Robert Thompson returned home to the United States from his volunteer experiences in India very humbled. He noticed the contrast between poverty and luxury, between being appreciative and taking something for granted.
“I loved seeing the smiles on people’s faces after they received something that was of great value to them, whether it was our time with them or new knowledge and skills they obtained.... I have come back with a new perspective on who I am and the things that matter most in life.”
International travel often requires some willingness to go with the flow, which for anyone can be rewarding, despite the varying levels of comfort in doing it. However, finding a program that was well organized to minimize potential obstacles was easier for Robert, since he has Asperger’s Syndrome.
India Partners, which organized one of his volunteer programs, works alongside a broad group of indigenous Christian grassroots agencies in India focused on alleviating poverty and injustice.
“The leader of our team had made a very specific and concise trip agenda and made sure that everything would go according to plans.”
Robert volunteered in India three times, and each time he has improved his ability to be flexible.
“Admittedly, I would still have a couple panic attacks here and there. However, I learned that going out of my comfort zone, whether playing with the kids or doing little activities that I would prefer not to do, proved to be the most beneficial.”
He volunteered at the Agape Rehabilitation Center in Chennai where students with disabilities are taught computer courses and other skills for leading independent lives. Robert could relate this to his own experience; when he met his current workplace, Incight, they similarly encouraged him, challenged him, and gave him the confidence to dream big.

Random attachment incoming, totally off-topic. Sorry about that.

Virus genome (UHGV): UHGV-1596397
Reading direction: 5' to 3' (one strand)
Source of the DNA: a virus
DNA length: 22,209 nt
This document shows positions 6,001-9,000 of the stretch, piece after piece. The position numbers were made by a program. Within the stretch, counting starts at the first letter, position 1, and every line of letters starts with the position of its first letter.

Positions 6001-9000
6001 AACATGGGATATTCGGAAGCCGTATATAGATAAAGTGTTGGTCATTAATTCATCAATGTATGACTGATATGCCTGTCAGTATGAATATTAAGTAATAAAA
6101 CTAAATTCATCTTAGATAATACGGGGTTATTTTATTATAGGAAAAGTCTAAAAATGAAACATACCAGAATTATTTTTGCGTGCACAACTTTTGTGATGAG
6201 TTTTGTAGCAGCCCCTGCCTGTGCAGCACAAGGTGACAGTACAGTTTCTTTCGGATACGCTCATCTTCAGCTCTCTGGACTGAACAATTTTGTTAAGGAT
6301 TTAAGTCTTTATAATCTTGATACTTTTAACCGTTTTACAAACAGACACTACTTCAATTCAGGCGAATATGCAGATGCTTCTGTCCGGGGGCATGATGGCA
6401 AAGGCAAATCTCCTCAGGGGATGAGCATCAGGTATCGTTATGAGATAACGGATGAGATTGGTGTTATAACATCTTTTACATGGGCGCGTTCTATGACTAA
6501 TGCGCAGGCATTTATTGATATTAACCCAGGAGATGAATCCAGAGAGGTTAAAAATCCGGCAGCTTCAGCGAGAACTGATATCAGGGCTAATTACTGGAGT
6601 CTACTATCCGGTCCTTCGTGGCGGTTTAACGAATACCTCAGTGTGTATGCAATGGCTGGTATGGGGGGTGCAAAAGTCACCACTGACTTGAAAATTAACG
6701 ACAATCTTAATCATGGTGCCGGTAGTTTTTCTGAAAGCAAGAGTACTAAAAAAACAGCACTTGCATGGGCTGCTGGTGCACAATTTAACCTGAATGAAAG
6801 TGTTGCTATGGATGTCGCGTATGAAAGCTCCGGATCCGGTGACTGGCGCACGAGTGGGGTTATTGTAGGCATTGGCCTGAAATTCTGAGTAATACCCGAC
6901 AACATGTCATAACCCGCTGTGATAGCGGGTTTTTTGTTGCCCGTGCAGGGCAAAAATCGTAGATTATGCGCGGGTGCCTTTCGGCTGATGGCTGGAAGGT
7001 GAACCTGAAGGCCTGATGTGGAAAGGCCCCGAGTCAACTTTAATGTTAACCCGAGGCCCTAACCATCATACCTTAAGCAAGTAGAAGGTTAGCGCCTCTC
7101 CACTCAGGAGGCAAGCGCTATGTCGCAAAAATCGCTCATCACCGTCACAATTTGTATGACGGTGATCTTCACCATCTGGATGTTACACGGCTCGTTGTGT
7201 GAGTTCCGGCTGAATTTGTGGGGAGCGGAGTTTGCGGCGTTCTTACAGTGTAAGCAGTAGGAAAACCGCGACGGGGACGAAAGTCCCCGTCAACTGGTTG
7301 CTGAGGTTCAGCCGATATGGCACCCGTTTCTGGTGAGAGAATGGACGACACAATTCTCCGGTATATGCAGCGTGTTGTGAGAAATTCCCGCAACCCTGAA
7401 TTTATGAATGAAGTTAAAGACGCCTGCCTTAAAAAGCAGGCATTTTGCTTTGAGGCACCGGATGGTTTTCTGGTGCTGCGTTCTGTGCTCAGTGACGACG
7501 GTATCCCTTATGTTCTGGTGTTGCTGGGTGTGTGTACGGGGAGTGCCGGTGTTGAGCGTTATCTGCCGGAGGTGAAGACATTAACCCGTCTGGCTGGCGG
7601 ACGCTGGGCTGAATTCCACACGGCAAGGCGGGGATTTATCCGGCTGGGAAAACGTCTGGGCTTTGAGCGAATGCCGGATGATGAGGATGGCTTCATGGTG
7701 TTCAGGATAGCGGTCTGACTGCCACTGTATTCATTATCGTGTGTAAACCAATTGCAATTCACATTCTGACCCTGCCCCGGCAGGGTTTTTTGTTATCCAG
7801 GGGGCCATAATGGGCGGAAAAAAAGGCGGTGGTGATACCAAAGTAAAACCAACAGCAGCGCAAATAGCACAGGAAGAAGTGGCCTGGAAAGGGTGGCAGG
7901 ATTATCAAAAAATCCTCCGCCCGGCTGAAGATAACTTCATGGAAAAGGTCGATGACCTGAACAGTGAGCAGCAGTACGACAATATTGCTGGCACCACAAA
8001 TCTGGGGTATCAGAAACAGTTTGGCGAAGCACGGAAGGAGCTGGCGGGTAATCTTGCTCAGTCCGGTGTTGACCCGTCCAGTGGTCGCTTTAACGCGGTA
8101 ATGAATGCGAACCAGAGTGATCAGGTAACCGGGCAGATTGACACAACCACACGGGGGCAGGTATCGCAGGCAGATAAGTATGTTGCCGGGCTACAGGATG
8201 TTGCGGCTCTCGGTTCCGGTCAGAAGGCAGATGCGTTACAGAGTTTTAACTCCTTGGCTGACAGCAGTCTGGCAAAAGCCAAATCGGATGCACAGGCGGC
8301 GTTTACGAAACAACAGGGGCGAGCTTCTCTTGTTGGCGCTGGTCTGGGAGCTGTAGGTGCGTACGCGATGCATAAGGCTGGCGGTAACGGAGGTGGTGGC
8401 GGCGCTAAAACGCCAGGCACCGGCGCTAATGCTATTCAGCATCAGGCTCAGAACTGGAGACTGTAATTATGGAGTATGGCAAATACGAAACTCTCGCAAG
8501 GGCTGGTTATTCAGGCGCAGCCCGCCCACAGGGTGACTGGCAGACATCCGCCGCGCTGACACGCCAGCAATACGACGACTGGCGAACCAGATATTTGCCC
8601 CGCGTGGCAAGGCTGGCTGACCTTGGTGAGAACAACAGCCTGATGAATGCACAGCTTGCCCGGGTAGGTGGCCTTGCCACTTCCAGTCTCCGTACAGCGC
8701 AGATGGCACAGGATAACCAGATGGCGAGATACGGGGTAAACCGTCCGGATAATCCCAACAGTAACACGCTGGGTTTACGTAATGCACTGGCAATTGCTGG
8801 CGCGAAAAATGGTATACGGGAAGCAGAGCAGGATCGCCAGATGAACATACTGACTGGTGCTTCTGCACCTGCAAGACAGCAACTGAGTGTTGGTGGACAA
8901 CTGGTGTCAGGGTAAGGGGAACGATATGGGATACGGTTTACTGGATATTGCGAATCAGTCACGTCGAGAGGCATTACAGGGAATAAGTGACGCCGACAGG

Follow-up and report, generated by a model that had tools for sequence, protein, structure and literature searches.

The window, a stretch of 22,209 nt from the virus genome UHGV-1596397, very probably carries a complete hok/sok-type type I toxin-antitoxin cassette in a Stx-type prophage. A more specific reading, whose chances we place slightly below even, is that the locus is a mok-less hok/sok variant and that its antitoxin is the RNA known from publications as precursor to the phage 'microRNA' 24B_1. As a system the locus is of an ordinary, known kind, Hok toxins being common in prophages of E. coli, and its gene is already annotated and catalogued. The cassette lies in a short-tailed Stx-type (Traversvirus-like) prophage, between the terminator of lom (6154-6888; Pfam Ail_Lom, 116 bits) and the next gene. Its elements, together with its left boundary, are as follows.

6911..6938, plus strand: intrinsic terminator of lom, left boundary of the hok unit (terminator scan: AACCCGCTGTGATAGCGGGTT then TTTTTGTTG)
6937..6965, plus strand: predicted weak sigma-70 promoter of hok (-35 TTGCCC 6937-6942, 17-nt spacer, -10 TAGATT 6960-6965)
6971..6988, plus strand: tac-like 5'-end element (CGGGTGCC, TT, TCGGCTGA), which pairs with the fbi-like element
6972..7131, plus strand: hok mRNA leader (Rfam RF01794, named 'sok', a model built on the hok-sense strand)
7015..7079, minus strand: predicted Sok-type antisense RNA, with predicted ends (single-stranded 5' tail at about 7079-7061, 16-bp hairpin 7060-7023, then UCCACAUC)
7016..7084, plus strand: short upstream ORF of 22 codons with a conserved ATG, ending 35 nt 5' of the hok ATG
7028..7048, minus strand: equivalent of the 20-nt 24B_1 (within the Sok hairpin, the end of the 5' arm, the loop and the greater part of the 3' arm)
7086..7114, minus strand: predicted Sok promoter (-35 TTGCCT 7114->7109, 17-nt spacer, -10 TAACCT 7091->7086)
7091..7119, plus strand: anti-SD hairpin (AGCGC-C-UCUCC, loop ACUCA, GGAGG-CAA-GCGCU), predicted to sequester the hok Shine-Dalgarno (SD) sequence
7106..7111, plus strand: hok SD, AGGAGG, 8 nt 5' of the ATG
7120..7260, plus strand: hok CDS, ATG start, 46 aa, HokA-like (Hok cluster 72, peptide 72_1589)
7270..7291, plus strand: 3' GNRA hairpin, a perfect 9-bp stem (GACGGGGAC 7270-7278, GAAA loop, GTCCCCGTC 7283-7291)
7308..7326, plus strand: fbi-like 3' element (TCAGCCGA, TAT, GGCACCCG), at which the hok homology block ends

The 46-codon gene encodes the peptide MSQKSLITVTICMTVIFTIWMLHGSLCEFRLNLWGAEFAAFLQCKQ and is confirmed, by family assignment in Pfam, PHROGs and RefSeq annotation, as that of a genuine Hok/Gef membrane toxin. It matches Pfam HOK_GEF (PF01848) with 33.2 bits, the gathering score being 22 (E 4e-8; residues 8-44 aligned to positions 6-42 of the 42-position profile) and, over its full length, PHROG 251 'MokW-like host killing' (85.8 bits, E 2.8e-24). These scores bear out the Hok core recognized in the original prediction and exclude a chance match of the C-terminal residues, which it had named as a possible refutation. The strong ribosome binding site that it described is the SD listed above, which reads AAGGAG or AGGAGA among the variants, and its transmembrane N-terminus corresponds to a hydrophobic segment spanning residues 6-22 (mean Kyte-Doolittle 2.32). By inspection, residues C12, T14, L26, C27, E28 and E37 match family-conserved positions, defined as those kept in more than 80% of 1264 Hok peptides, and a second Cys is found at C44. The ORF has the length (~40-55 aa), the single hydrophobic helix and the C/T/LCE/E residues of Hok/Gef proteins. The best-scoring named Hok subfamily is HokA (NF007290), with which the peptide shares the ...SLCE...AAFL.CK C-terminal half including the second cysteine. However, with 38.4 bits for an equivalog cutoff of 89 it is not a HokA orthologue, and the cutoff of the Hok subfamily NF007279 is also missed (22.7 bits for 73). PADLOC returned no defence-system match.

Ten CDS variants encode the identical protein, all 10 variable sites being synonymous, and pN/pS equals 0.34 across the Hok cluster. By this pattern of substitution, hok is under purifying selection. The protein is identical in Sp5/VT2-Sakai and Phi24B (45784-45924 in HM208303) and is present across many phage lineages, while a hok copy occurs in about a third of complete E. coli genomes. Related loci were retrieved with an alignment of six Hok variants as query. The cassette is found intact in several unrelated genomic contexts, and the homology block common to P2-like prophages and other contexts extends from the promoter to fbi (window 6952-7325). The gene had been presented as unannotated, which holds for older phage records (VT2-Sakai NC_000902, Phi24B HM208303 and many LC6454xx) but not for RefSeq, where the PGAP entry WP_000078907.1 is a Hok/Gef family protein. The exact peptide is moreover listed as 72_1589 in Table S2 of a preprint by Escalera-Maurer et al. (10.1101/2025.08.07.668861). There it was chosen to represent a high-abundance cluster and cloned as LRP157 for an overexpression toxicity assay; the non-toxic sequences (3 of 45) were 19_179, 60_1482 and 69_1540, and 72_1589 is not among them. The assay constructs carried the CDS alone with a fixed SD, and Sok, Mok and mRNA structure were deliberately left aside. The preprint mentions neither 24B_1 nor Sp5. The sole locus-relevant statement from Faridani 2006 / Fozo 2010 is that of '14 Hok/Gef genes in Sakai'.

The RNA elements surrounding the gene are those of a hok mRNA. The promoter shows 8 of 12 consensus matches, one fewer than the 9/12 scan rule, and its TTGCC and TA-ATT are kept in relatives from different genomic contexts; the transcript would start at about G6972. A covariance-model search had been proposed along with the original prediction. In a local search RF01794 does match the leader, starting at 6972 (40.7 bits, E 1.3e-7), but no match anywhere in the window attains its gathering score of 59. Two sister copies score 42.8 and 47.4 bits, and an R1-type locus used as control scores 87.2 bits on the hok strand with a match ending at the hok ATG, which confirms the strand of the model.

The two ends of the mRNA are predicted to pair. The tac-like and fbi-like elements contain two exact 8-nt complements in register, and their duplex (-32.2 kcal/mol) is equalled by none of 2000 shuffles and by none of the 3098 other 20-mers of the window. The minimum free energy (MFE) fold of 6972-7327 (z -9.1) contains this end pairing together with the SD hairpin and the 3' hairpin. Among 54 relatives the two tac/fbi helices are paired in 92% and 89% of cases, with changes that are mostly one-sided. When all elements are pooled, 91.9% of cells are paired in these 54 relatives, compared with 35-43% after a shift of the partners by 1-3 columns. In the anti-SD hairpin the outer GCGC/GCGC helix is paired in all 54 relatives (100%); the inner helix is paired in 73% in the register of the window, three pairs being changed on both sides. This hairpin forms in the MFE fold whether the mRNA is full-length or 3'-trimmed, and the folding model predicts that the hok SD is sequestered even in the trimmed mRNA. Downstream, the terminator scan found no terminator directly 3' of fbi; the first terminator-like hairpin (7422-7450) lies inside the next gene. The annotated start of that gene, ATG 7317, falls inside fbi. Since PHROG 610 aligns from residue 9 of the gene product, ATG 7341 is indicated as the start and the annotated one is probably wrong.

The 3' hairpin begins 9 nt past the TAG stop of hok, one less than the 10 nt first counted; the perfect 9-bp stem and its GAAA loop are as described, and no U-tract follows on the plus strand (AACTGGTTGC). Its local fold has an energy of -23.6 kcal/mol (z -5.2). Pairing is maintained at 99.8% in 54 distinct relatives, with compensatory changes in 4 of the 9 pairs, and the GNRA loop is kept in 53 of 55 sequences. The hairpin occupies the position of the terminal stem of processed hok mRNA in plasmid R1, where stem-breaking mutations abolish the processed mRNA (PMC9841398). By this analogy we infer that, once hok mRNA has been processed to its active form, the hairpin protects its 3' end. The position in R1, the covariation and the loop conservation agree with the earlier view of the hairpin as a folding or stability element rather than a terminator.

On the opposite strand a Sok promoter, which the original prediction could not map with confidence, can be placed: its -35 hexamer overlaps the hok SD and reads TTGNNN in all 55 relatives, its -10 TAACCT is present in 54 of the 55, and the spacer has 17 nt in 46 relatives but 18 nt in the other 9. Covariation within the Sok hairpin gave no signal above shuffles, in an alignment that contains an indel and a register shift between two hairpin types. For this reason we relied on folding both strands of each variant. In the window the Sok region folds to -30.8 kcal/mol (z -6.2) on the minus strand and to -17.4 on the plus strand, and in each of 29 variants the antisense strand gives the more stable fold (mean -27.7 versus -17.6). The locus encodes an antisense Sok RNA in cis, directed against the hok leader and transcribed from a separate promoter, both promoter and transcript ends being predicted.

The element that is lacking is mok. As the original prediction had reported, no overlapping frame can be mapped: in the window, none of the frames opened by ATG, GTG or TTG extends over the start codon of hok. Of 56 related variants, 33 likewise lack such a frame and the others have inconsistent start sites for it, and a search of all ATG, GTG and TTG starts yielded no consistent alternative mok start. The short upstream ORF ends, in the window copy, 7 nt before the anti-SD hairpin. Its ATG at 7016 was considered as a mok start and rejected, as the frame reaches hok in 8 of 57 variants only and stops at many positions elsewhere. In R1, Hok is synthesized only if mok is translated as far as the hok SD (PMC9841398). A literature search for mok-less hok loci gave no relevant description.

As the Chennai graduates were preparing for their job search, Robert and other team members arrived to volunteer for several days. Robert used his videography skills from his current job to assist them in creating videos in which they practiced their interviewing skills.
He later traveled with the volunteer team to Machilipatnam to participate in a water sanitation and hygiene project for several more days. They used prevention education programs to help train locals on how to cut down on the spread of disease.
“Going to India is one of the greatest things I’ve ever done. There are things that could go wrong on a trip abroad. Stuff can be misplaced, you may get sick, and you may do things that you really don’t want to do. However, you will gain something in the end that will be worth it. You will gain experience, wisdom, and humility. These three are essential to making you a person whom people will listen to and look up to.”
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